Mohammad Ali Talpur’s work deals with the matters of the heart and not with the eye. It is the inner vision, the vision that only the heart can perceive for the eyes have a limited vision. This delves deep into Islam’s philosophy and consequently its spirituality. To give a mere visual description of Talpur’s work and to only speak in context to calligraphy or categorizing it in minimalism, opt art or abstract impressionism and even placing it in a political and social setting is an understatement and injustice to the body of the work. For in this artist’s case the body meets the soul. So how do we really read this artist’s work? The answer is we do not. It is illegible and unreadable. It is a pictorial vocabulary that the mystery and the secret are alone with the artist, he enjoys and derives peace and serenity from it and wishes not to be in that game of chess where he needs to prove anything to anyone. Talpur works for himself when the viewer is left only to be enchanted and utterly spell-bound by its power of seduction.
So how about we go back to where Talpur begins talking about his childhood, in an interview with Aasim Akhtar in 2010 for the (The News on Sunday, (TNS) Mohammad Ali Talpur Says,
“Until matriculation, I had no exposure to art per se; nor of visiting an art gallery. My biggest fascination was to travel with my mother on bus to Hyderabad or to Tando Allah Yar. All I wanted to be was a bus conductor who gets to travel long distance and collects money.”
It is clear to see the artist always had a dream to travel long distances, and this entails unknown and new places. A traveller’s mind is an intriguing one, and when combined with an artist’s heart it becomes a mystical enterprise. This combination of the heart and the mind in Arabic is known as “Qalb,” meaning “Intellect.” Qalb in Islam’s philosophy and the sacred text is not synonymous of the human heart; it is actually a mechanism which encompasses the faculty of the mind and the heart together working towards mysticism. As stated in the Holy Quran,
“Do they not travel through the land, so that their hearts and minds (Qaloob) may thus learn wisdom and their ears may thus learn to hear? Truly it is not the eyes that are blind but the hearts (Qaloob) which are in their breasts.” (22:46)
Talpur by just sitting in his studio and formulating this myriad of lines, dashes and strokes, in a repeated motion almost cathartic, takes himself to a far off distant place which is the onset of meditation. So there is one which is, travelling by physically and then there is another form of travelling and this requires no visa or passports. This is walking into an abyss of the Unlimited and the Boundless, literally to point where the artist’s repetitive singular lines when forms a cluster it is in fact immeasurable and countless in nature. Talpur’s complex yet appearing to be simple grid works are large canvases painted in stark black and white bold strokes. They create a mirage that on a closer view pulsates and breathes. The viewer even more so only by looking at these images is set in a trance and travels somewhat in the same way or to the same place where the whirling dervish in Sufism connects. It is the realms of the unknown, the Infinite and the Sublime.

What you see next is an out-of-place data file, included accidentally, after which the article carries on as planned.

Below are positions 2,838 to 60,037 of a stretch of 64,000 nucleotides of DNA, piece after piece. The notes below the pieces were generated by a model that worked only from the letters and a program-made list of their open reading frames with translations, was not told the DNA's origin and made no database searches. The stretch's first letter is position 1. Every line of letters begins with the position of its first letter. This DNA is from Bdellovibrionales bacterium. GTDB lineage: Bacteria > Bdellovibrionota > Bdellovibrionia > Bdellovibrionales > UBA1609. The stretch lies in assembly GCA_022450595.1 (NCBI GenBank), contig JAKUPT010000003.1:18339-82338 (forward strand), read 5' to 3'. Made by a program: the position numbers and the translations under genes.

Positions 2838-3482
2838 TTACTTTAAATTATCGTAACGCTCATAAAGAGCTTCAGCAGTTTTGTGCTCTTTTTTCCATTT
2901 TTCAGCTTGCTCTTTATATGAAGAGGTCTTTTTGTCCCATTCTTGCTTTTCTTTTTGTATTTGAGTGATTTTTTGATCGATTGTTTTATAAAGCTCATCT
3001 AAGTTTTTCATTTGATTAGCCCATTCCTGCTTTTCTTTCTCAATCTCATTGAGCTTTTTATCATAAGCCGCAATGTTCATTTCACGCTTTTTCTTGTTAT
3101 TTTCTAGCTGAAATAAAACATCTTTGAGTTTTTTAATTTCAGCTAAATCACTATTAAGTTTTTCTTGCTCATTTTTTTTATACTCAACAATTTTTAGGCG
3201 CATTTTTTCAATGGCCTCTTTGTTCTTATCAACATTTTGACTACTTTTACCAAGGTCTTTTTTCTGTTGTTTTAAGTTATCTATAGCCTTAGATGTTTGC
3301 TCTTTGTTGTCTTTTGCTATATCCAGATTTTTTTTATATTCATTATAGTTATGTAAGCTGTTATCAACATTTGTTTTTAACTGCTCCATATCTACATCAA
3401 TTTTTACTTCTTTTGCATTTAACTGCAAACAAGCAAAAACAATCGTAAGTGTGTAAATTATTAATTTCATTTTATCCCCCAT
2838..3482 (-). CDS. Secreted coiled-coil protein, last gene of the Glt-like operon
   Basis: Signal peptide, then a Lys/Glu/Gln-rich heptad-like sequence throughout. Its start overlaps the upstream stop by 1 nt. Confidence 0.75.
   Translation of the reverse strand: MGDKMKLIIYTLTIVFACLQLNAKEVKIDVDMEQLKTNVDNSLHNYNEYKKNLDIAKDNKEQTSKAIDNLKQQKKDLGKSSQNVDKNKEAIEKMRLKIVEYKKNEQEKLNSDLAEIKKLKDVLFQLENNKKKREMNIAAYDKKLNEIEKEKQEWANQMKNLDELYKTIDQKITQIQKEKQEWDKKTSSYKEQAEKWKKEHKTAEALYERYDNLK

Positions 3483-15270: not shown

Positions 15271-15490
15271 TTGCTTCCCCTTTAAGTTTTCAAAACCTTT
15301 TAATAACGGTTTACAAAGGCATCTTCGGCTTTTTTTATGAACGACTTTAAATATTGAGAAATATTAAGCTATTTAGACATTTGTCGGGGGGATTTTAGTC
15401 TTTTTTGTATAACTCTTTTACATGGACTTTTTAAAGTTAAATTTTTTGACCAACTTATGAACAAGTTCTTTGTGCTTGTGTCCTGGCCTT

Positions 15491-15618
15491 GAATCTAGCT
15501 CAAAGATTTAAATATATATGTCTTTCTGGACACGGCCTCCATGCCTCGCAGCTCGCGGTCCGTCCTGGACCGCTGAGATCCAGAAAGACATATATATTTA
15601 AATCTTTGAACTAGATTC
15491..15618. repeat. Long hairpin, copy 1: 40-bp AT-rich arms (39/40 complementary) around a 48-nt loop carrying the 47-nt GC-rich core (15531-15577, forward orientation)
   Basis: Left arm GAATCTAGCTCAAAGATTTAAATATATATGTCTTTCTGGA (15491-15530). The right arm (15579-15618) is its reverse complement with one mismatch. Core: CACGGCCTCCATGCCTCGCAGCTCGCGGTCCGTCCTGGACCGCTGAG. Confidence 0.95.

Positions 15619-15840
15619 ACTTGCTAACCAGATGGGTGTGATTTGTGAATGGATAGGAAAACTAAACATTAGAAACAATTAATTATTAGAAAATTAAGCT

The segregation of the works at this solo exhibition is one of the rather huge canvases with a certain scheme of lines maneuvering and intersecting across white canvases, and the other are letters illegible hand-written with brush and ink on paper and on the surface appearing to be of one of the styles in South Asian Calligraphy, but really it is a delusion and entails no real letter, it twists and turns formulating a letter in its initial or at its last stage. Some letters are left mid-way, with sharp and crisp edges to it. So now there is a letter but without a meaning.
Even in Islam philosophy and in the Scared Text there are a few letters that no human mind can interpret, the knowledge of which is alone with the Supreme Entity, it is the” Lohe Qurani. “People often hang it onto the walls in their offices and homes to only reflect upon and receive peace and blessings from the letters that they do not know the meaning of. Some people also recite and mediate the Holy Text without any translations just to feel its intensity and the power of the language of the Prophets.
Do we really need a meaning to everything, should everything be a representation of something, or is it that there is nothing pointless, or without a purpose in this world, should man remain in the eternal quest to decipher everything? Maybe all is true for in this world but not in the world above that no human eye has seen, and if seen has never come back from and told us any details of. This is the space, sequence, rhythm and harmony of that world above us that is created unconditionally by Talpur’s repetition of a single unit of a line called “Alif” his earlier work shown in Delhi last year at the Latitude 28. The works on display here in Lahore is an extension of those earlier works with a major transition toward relief form once again after the 2008 Dubai Art fair Sculptural artwork. This transition is through the Marble Slab Drawings. Some works have miraculous powers like that of Mark Rothko’s, perhaps Pakistan has an artist named Mohammed Ali Talpur from Hyderabad, Sindh based in Lahore that possess similar qualities as Mark Rothko and who is to say maybe a little more.
Images courtesy of the artist.